Two restaurants -- Nightingale and the Lynn -- will make homes from fire-ravaged corners in Minneapolis. Plus, the popularity of cupcakes continues, and news and notes around town.
A burned-out superette on Lyndale Avenue at 26th Street in south Minneapolis is on its way to becoming a cocktails-and-small plates venue called Nightingale.
It’s a husband-wife effort: Carrie McCabe-Johnston, who cooked and baked at Restaurant Alma before moving to Brasa as the restaurant’s pastry chef and then front-of-house manager, is the chef, and Jasha Johnston, a familiar face behind the bar at Mortimer’s, is running the cocktail side of things.
“This is something that we’ve wanted to do for a million years,” said McCabe-Johnston. “It’s the right space at the right time, and we decided to go for it.”
In her 75-seat dining room, McCabe-Johnston is promising “sophisticated small plates,” ranging from bar snacks, grilled bruschettas and eight to 10 seasonally minded dishes, along with neighborhood pleasers such as burgers, onion rings, salads, oysters, and a daily meat and cheese plate.
“We’re focusing on the social aspect of going out,” she said. “It will be everything I love to see in a restaurant and wish we had more of here.” As for cocktails — pending liquor license approval — the plan is to focus on classics and a short list of staff-created libations.
Rachel Kate Hunt of the Rachel Kate Design Inc. (and famously a competitor on the most recent iteration of HGTV’s “Design Star”) is driving Nightingale’s look. “We’re starting from scratch,” she said. “It’s a hidden little gem, with awesome bones.” She describes the open-plan dining room and bar as “sophisticated and nighttime-y, with a kind of a private feel. We’re going to let the materials — brushed brass, dark woods and exposed brick — be the design feature.”
The couple are aiming for a September opening. As for the Nightingale name, “I wish that there was some lovely story behind it, but there isn’t,” said McCabe-Johnston with a laugh. “My husband and I were running through words, and I said it, and we both thought that it sounded like our place. My mother-in-law is a nurse, so she thinks it’s an homage to her. I’ll give her that.”
Patina’s new neighbor
The last available berth in the building that has risen from the fire-ravaged corner of 50th Street and Bryant Avenue S. in southwest Minneapolis has been filled. Say hello to the Lynn.
Co-owners Peter Ireland (he’ll be doing the cooking) and Jay Peterson (he’s going to run the front of the house) met while volunteering at the Rock Star Supply Co., which trains tutors and connects them with high school teachers. Their friendship blossomed into a business partnership.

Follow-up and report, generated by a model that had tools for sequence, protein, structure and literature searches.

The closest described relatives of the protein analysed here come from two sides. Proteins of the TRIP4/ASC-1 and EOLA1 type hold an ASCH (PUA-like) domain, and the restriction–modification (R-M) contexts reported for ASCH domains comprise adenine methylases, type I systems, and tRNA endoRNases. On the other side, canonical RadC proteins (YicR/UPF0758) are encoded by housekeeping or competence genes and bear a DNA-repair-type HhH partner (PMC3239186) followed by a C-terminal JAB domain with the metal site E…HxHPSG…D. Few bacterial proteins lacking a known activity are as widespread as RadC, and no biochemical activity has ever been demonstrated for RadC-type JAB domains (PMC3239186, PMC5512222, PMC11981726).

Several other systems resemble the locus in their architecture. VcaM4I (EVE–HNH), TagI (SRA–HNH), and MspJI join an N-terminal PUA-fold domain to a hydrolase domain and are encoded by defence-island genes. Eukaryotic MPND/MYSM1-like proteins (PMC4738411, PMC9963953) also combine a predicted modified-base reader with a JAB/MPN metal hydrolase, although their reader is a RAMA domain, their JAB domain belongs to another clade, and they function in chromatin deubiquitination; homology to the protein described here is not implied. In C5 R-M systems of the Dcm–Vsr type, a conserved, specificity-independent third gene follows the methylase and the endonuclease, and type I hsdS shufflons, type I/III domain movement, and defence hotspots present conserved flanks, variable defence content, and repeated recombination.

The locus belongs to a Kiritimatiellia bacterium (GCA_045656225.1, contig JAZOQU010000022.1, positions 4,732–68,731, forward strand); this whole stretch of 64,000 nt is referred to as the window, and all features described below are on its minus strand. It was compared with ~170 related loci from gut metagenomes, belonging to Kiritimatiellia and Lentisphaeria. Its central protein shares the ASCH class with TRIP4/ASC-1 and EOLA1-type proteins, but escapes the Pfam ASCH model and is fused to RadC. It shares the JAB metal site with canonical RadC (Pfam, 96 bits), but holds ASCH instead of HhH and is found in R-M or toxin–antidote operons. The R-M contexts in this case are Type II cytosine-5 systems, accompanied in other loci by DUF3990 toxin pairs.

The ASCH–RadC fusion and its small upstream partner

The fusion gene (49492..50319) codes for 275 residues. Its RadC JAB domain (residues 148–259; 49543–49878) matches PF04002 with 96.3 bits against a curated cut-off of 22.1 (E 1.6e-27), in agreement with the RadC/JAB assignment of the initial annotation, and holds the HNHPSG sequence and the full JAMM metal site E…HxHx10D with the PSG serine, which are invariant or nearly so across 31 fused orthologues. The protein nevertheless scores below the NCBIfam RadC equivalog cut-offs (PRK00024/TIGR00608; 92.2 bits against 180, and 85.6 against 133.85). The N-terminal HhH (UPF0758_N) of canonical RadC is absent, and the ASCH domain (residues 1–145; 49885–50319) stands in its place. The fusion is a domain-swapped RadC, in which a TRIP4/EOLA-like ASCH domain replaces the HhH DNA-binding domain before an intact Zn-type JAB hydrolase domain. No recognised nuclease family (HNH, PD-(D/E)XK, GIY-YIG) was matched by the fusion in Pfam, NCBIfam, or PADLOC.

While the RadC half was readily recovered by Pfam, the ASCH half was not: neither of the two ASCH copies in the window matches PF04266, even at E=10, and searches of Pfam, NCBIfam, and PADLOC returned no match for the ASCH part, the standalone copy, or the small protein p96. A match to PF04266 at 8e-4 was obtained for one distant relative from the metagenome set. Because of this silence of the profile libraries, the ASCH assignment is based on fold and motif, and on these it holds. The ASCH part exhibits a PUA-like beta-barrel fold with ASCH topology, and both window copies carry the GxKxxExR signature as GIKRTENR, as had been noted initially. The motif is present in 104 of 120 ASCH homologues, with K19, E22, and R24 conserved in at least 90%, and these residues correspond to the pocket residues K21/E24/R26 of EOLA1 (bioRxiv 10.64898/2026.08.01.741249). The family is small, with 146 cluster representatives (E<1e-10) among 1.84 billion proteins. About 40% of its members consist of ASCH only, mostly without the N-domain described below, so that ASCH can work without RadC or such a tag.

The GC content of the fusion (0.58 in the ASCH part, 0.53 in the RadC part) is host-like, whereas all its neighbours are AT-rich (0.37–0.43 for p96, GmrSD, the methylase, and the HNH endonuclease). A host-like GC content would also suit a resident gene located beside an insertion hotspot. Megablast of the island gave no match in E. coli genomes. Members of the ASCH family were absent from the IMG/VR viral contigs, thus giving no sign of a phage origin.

Peterson has spent the past 11 years managing Magers & Quinn, the Uptown bookstore. Ireland, a New England transplant with a restaurant résumé a mile long, has spent the past two years working for Great Ciao, the Minneapolis fancy-foods purveyor.
“The Twin Cities has an amazing and convivial community of cooks and chefs,” he said. “That was my sense when I arrived here, and it was confirmed when I announced that I was leaving Great Ciao, because there was this incredible outpouring of support.”
Ireland has a great affection for neighborhood restaurants. His last venture was a Vermont special-event destination that he transitioned away from its formal, once-a-year roots. “Local restaurants are a much stronger business model,” he said. “But they’re also a much more fulfilling business, because you really get to know people and create relationships.”
So far, feedback from the surrounding Lynnhurst neighborhood has been encouraging, particularly following an open house during a recent block party. “They want us to be open yesterday,” said Peterson. “That enthusiasm is really impressive and heartwarming.”
As for the food, “the casual French bistro encompasses and encapsulates what we’re going to do,” said Ireland. The plan is to move from light breakfast (and weekend brunch) to lunch and dinner, along with a takeaway component. “We’ll offer some variation on ready to eat or reheat meals, every day,” said Ireland. “You’ll be able to order over the phone or online and we’ll get it ready for pickup.”
Beer and wine, too. “One of the first pieces of feedback we got from the neighborhood is that everyone wanted wine and coffee,” said Ireland. But no cocktails. “The neighborhood prefers that we shut down around 9 or 10 at night, so a wine and beer license is just fine,” said Peterson. “I’m certainly not opposed to being home by 11:30 myself.”
The 50-seat restaurant — located next door to Patina and around the corner from the recently opened George & the Dragon pub — is being designed by Peterssen/Keller, the Minneapolis architecture firm. “It’s going to be a bright, crisp space,” said Peterson. “We hope it’s going to have an open, welcoming feeling, particularly in the winter months. Who wants to go into something dark and dreary and cave-like?”